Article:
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Wednesday, June 30, 2010

Wandering In Wells and Gallivanting Across Glastonbury

Unfortunately, the Internet connection here at the hostel has been spotty, so I haven't been able to post anything before it shuts down on me, which is why there's now four new posts up. It's a significant amount to read, so sorry about that.

Anyway, today was my last full day in Bath, so I had to pack in everything that I wanted to see in this area into this last day. Whew.

I started out in the Bath Markets for a very specific reason: there was a stall full of discount paperbacks that I had heard from a very reliable source (i.e. Shannon) had books I was looking for. Sure enough, I found literally stacks of books by Jeremy Clarkson and even a couple by James May; I couldn't find Richard Hammond's autobiographies, which was somewhat sad. One of these days, I'll write a little more about my interesting relationship to Jeremy Clarkson, but for now, just suffice to say that I bought three of his books, sacrificing a dinner's worth of money, and have been reading Clarkson instead of Dickens all day.

I moved on with my treasures to the imposing and gorgeous Bath Abbey, which I posted a picture of in my previous post on Bath, to take the guided tour. The tour was just delightful: we climbed up the levels of the bell tower, saw beautiful views of the city from the tower in every direction, and looked at how the inner mechanics of the abbey's architecture and machinery work. I would've liked to have stayed longer in the abbey, but I was off again, this time to the Fashion Museum.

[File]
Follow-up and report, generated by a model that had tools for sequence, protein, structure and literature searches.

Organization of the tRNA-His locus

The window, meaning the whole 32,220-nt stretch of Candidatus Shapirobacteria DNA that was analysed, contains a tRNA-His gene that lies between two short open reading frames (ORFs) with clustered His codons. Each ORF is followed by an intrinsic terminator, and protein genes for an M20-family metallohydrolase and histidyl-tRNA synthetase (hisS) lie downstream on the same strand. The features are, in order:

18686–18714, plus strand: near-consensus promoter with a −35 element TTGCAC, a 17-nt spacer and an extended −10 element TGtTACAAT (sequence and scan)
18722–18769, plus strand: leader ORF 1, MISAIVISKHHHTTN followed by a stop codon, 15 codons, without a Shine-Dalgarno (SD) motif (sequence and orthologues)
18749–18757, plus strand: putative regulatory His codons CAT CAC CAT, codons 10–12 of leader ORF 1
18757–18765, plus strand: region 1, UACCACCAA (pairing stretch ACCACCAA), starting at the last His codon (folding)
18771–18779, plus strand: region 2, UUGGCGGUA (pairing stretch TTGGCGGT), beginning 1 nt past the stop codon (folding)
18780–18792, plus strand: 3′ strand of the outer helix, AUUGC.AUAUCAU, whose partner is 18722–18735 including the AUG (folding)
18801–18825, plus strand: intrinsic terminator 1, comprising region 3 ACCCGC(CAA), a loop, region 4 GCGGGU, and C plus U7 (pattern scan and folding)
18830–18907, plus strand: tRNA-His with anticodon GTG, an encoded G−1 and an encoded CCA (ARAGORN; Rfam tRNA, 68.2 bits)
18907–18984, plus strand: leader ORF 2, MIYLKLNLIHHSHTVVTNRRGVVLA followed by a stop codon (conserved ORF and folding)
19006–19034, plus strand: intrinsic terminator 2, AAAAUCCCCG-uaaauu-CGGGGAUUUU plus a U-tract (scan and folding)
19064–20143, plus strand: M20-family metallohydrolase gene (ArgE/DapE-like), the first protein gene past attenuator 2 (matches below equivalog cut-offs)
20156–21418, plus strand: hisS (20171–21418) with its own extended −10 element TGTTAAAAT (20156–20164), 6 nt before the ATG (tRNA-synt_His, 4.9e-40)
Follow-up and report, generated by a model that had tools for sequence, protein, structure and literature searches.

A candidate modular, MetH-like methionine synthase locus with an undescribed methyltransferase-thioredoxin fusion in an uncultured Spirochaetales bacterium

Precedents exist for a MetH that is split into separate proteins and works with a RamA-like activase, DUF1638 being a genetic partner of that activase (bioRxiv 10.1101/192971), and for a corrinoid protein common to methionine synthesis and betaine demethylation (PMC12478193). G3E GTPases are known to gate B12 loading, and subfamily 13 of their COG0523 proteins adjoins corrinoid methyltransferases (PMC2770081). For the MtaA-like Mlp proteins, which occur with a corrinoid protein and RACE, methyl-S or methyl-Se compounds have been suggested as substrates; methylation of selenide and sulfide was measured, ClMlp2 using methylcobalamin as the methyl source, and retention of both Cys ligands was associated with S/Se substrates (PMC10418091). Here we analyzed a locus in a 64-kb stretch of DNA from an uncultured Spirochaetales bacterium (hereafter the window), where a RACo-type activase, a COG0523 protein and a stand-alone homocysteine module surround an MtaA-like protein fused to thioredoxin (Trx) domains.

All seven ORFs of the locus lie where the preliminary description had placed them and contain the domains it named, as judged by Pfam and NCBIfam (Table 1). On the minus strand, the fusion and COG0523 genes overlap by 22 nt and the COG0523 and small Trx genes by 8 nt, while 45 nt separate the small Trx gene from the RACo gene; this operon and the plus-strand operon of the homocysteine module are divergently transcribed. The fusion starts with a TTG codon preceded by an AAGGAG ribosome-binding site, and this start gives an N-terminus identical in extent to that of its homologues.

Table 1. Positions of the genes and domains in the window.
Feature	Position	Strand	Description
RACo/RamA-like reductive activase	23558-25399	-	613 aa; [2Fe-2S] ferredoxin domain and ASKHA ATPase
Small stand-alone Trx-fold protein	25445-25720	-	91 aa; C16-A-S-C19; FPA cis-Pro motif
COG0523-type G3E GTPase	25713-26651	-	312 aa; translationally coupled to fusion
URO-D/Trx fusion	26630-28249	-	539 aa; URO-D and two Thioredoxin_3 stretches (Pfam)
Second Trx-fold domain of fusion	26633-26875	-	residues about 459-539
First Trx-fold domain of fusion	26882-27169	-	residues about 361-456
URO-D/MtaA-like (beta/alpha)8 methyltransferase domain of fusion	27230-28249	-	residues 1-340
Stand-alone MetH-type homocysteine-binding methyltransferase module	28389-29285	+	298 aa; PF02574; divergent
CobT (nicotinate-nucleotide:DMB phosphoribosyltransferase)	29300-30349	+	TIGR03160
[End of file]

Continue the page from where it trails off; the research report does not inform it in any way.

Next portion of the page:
If you just said, "Fashion Museum? Jennifer? ...What?" then you know me better than Rick Steves does. He told me to get a combo ticket with the baths, so I did, but the Fashion Museum was rubbish and pathetically short. 'Nuff said.

From the museum, I walked across town and hopped on a bus to Wells. After careening around Bath all morning, the bus ride to Wells was very pleasant. I read my new book for the first half of the ride, then looked up at the rolling, sun-drenched hills and realized that not only should I enjoy the views, but I had no idea where I was. The bus trundled along between golden-green fields, cut into patches by ruler-straight hedges, on roads lined by chest-high stone walls and hardly wide enough for two cars to pass each other, even if you asked really, really nicely. The gentle hills were dotted with small houses, and every now and then we'd pull into an utterly adorable little town with some quaint English name, and I would barely have time to wonder where we were before we were off again through the countryside. I realized that if I had accidentally gotten on the wrong bus, or if I neglected to get off when necessary, I would never know until they finally threw me off at the end of the line in Bristol or Cornwall or York or wherever. Given the beauty of the view and the tranquility of a warm summer's day in south England, I couldn't really find any real problem with this, but it turned out to not be a problem, because the bus deposited me right in the middle of the market in the twee little town of Wells.

If you've never heard of Wells, that's fine, because I hadn't either until RFS told me about it. Apparently, its only draws are its markets, its general English-y cuteness, and, like a Lamborghini in a country shed, its gigantic and utterly gorgeous Gothic cathedral. The mighty structure towers over the town, its spiky towers looming across the rooftops, and looks, to me, altogether out of place. It is still breathtakingly beautiful and grand, and was the main reason for my visit.